Saved by the wild

By combining the rejuvenating powers of exercise and nature, you can be happier, healthier and more fun, says Di Westaway.

I discovered trekking 15 years ago, as a grumpy 40-year-old mum who needed to get out of the house.

With three little kids, there was no time for me. It was a rollercoaster of emotions: the highest of the high to the lowest of the low – and definitely no time to exercise.

But I was saved by the wild. An acquaintance, who was a personal trainer, invited me to climb Mt Aconcagua, the highest mountain in the southern hemisphere. My husband reluctantly agreed to let me go. My friends thought I might die. But I went.

I was a complete novice, putting crampons (those spiked climbing shoes) on for the first time ever when we saw snow. I suffered from altitude sickness and failed to summit, and it wasn't fun in the slightest.

But it was exhilarating. I felt truly alive. I went way out of my comfort zone and was hooked on the feeling. And it motivated me to get really fit and healthy.

The Research shows that being active in nature:
  • reduces negative thoughts
  • reduces anxiety
  • reduces depression
  • improves memory
  • reduces cardiovascular disease
  • helps prevent and control diabetes
  • increases energy levels
  • reduces blood pressure
  • burns calories
  • increases bone density
  • lowers cancer risk
  • elevates your mood
  • alleviates insomnia
  • gives you a dose of vitamin D
  • reduces bad cholesterol
  • gets your creative juices flowing
  • is inexpensive
  • improves immunity
  • promotes longevity
  • improves concentration
  • reduces sick leave
  • helps us manage stressful life events
  • improves strength, balance and coordination
  • rejuvenates and revitalises
  • decreases tension
  • makes you happy!

That adventure transformed my life completely. I came home happy, excited and refreshed, ready to tackle motherhood and find a new challenge to keep me healthy and motivated.

I learned that by having a big hairy audacious goal to train for, I was in fact putting my own oxygen mask on first. And that made me a better mum, a better wife and a better nurturer.

What I didn’t understand at the time was why this experience made me so happy. Now I know.
Trekking, hiking and walking in nature have been shown to have incredible health benefits, both physical, mental and emotional. And there is a mounting body of research to prove it. Trekking is trending fast.

In the past 10 years participation in walking has increased by 44% and bushwalking by 6%. Extreme and adventure sports are on the rise, as is active travel. And there’s good reason for it. It makes us happier, healthier and more fun.

Australians are increasingly using technology, like Fitbits and phone apps, to monitor their fitness progress as they participate in a wide range of activities, including freeform outdoor pursuits. And, Fitness Australia’s 2014 survey tells us that 40 per cent of Aussies want to get fit but aren’t members of gyms. This is a great opportunity for the fitness industry. Personal trainer-led walking and trekking groups, and adventure fitness preparation sessions present fantastic business opportunities.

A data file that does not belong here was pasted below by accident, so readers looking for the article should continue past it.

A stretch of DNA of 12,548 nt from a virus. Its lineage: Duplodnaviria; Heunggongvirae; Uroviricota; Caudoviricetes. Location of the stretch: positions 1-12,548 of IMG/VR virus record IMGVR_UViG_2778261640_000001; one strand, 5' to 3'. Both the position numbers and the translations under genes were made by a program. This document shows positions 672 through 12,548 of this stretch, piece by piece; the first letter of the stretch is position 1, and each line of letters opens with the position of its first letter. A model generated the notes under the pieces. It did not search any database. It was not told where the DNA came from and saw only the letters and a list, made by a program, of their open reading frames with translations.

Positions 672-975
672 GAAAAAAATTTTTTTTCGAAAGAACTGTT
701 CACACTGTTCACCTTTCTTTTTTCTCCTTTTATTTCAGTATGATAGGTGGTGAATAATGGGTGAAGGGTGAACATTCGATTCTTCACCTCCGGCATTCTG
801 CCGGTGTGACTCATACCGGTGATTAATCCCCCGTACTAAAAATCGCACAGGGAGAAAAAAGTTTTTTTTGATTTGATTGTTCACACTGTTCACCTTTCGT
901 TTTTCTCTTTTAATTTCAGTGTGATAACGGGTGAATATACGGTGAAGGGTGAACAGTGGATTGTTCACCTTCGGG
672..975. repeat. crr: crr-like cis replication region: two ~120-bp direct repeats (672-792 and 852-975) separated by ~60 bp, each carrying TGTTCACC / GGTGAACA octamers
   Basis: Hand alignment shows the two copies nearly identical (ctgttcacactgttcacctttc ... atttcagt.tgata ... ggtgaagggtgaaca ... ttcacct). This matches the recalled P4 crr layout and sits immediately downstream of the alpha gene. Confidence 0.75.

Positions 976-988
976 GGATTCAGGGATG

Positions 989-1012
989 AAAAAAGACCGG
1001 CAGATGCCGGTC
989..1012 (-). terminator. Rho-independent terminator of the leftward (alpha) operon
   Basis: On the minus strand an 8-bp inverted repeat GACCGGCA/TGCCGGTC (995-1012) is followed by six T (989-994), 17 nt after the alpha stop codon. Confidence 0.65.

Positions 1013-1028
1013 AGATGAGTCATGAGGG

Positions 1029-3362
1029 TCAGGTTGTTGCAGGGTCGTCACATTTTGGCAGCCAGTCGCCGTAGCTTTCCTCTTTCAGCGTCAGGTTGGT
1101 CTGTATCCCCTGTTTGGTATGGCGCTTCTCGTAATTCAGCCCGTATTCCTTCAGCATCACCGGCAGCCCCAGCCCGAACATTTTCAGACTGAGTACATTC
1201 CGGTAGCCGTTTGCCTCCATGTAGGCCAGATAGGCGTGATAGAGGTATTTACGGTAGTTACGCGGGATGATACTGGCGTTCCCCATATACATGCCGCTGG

Since I first experienced the health benefits of walking in nature, I’ve seen thousands of women experience these benefits. Over the past six years alone, the Wild Women On Top Coastrek events have helped nearly 15,000 people get fit trekking with friends.

Women like 76-year-old Margaret Sheridan, who took up adventures in her forties when her son took her rafting the Franklin. Since then, she’s trekked the high passes of Bhutan and walked all the way across the UK. Next month she’ll be climbing Mt Fuji with us, as well as having done Sydney Coastrek several times.

Broadcaster and journalist, Julie McCrossin, credits walking with women in nature for getting her through a life threatening illness. Not only did she survive the trauma of aggressive throat cancer, but she’s now thriving as the Patron of Sydney Coastrek, Team Trekking challenge. She’s walked 50km along the Sydney Coast and transformed her life.

Gen Y women like Magdelena Rose, Caroline Pemberton and Libby Trickett have all embraced outdoor challenges to keep them fit in nature, as have health-conscious celebrities like Lorna Jane, Sarah Wilson, Lola Berry, Reece Witherspoon and Orlando Bloom.

The fitness industry builds communities which value health, fitness, nutritious food, friends, meditation and relaxation. And preparing clients for adventure challenges in nature and providing training for life’s adventures is another powerful way to reach out.
Our culture of health can give us purpose. Your purpose can be to reach out and share the health benefits of being active in nature with others; to educate and empower your clients, friends, work colleagues and family; to live by example and to show the world how to live long enough to meet your great grand kids.

With all this going for it, why not add some outdoor training to the services you offer, and share these wonderful benefits with the world?

Di Westaway, BEd Grad Dip (Journ) has been involved in the fitness industry for over 30 years, as a coach, a presenter and the founder of Wild Women On Top. Since 2009 her team has been organising the Sydney Coastrek Team Challenge, which has raised over $9 million for The Fred Hollows Foundation. In 2016 the Coastrek is also taking place in Melbourne for the first time.Di is the author of Wild Women On Top: How to Prepare for World Class Treks